Trash, 'The Art of More,' and Peak TV

To hear the man screaming his story of a near-drowned Picasso to a small crowd of tittering sycophants, in the series premiere of “The Art of More” (Crackle), is to understand that even “peak TV” has its limits. There is little to say in defense of the fledging streaming service’s first original drama series except that it draws a bright line under the excesses of a medium in which privilege is too often mistaken for “prestige.” “The Art of More,” a sulfuric, unpleasant affair set in the world of high-end auction houses, succeeds only in reaffirming that the shine of the reverse-engineered is no substitute for the thrill of the new. 

“A tawdry, corrupt art for a tawdry, corrupt world,” as Pauline Kael once wrote of movies, TV has long been one of the most significant conduits for the dissemination of stories in American culture, but only recently has the medium regularly featured alongside the likes of film and literature as worthy of the label. Indeed, we’re in the midst of an industrial and technological transformation not so dissimilar from the one in which Kael praised “the nose-thumbing at ‘good taste'” of Arthur Penn’s “Bonnie and Clyde” (1967) and American International Pictures’ “Wild in the Streets” (1968)—a moment of fragmentation, of flux, in which vital experiments seep into the system’s cracks.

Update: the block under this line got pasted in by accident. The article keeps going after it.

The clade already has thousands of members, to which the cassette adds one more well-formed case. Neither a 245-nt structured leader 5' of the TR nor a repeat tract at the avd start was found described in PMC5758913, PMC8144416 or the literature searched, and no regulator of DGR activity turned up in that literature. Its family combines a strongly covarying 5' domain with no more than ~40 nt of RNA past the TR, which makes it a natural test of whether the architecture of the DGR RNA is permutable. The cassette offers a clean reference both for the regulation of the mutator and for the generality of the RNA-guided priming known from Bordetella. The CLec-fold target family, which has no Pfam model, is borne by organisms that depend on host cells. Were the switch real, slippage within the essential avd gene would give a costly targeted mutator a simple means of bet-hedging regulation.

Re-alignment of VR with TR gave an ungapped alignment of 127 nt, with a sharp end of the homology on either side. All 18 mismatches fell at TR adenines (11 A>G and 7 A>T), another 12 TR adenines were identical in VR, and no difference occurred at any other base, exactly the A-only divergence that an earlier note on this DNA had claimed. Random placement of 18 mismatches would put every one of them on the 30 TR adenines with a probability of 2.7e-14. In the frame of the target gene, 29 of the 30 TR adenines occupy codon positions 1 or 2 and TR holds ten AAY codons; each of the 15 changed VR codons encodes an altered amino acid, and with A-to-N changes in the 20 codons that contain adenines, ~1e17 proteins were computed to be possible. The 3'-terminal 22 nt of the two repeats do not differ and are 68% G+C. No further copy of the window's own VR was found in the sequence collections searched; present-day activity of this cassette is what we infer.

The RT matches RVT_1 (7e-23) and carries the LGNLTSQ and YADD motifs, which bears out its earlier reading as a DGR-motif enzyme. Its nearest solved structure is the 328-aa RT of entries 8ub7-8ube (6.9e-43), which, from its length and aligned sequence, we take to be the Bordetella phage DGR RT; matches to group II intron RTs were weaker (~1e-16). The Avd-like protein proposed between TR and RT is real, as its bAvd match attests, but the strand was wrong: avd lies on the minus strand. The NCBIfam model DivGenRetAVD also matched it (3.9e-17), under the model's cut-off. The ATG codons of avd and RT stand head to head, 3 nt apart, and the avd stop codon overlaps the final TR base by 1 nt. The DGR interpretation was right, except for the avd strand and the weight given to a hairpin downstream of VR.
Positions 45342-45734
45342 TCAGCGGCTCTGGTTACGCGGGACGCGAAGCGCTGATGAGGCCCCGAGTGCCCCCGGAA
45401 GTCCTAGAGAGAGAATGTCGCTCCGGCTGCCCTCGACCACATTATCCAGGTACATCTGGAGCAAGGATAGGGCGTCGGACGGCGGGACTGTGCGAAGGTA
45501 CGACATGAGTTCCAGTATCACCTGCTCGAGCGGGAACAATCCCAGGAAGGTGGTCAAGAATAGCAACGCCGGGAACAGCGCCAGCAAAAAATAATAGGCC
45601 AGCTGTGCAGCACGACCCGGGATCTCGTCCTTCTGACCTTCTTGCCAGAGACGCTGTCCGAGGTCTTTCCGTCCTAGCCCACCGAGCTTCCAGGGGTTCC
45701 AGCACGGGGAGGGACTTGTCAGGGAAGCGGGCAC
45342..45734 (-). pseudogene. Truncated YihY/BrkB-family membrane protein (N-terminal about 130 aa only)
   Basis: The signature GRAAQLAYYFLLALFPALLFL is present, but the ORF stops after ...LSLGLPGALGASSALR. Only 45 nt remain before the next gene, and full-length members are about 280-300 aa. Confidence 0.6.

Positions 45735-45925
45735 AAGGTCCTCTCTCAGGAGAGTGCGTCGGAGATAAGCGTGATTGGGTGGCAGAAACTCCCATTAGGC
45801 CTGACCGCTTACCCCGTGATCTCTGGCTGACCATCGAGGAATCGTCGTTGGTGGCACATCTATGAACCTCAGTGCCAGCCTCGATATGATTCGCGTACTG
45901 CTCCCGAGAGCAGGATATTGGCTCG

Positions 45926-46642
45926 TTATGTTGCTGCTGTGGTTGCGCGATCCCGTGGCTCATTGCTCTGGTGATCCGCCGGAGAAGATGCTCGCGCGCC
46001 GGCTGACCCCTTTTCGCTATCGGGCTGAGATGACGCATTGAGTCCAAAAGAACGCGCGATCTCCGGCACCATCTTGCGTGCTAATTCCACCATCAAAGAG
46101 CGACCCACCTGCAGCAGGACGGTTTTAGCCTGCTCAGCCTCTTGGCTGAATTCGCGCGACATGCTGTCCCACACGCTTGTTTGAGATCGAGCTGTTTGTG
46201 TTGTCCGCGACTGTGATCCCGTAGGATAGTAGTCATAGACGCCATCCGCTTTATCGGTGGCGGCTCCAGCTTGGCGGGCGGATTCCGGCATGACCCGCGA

The opposite of the cinematic test balloon, Kael suggests in her 1969 essay “Trash, Art, and the Movies,” is that which corresponds to the consensus definition of “art,” or, worse still, announces itself as such, stiff with a sense of (its own) importance. On television, where the unprecedented proliferation of scripted series means that a sleek promotional campaign is no longer enough to attract viewers, players new and old have pursued any number of strategies to cut through the clutter (increased emphasis on “branding,” live programming), but none has been as prevalent as the attempt to recapture the acclaim of the series that made one or another network’s name—”The Sopranos” for HBO, “Mad Men” and “Breaking Bad” for AMC, “Louie” for FX, “House of Cards” for Netflix, and so on.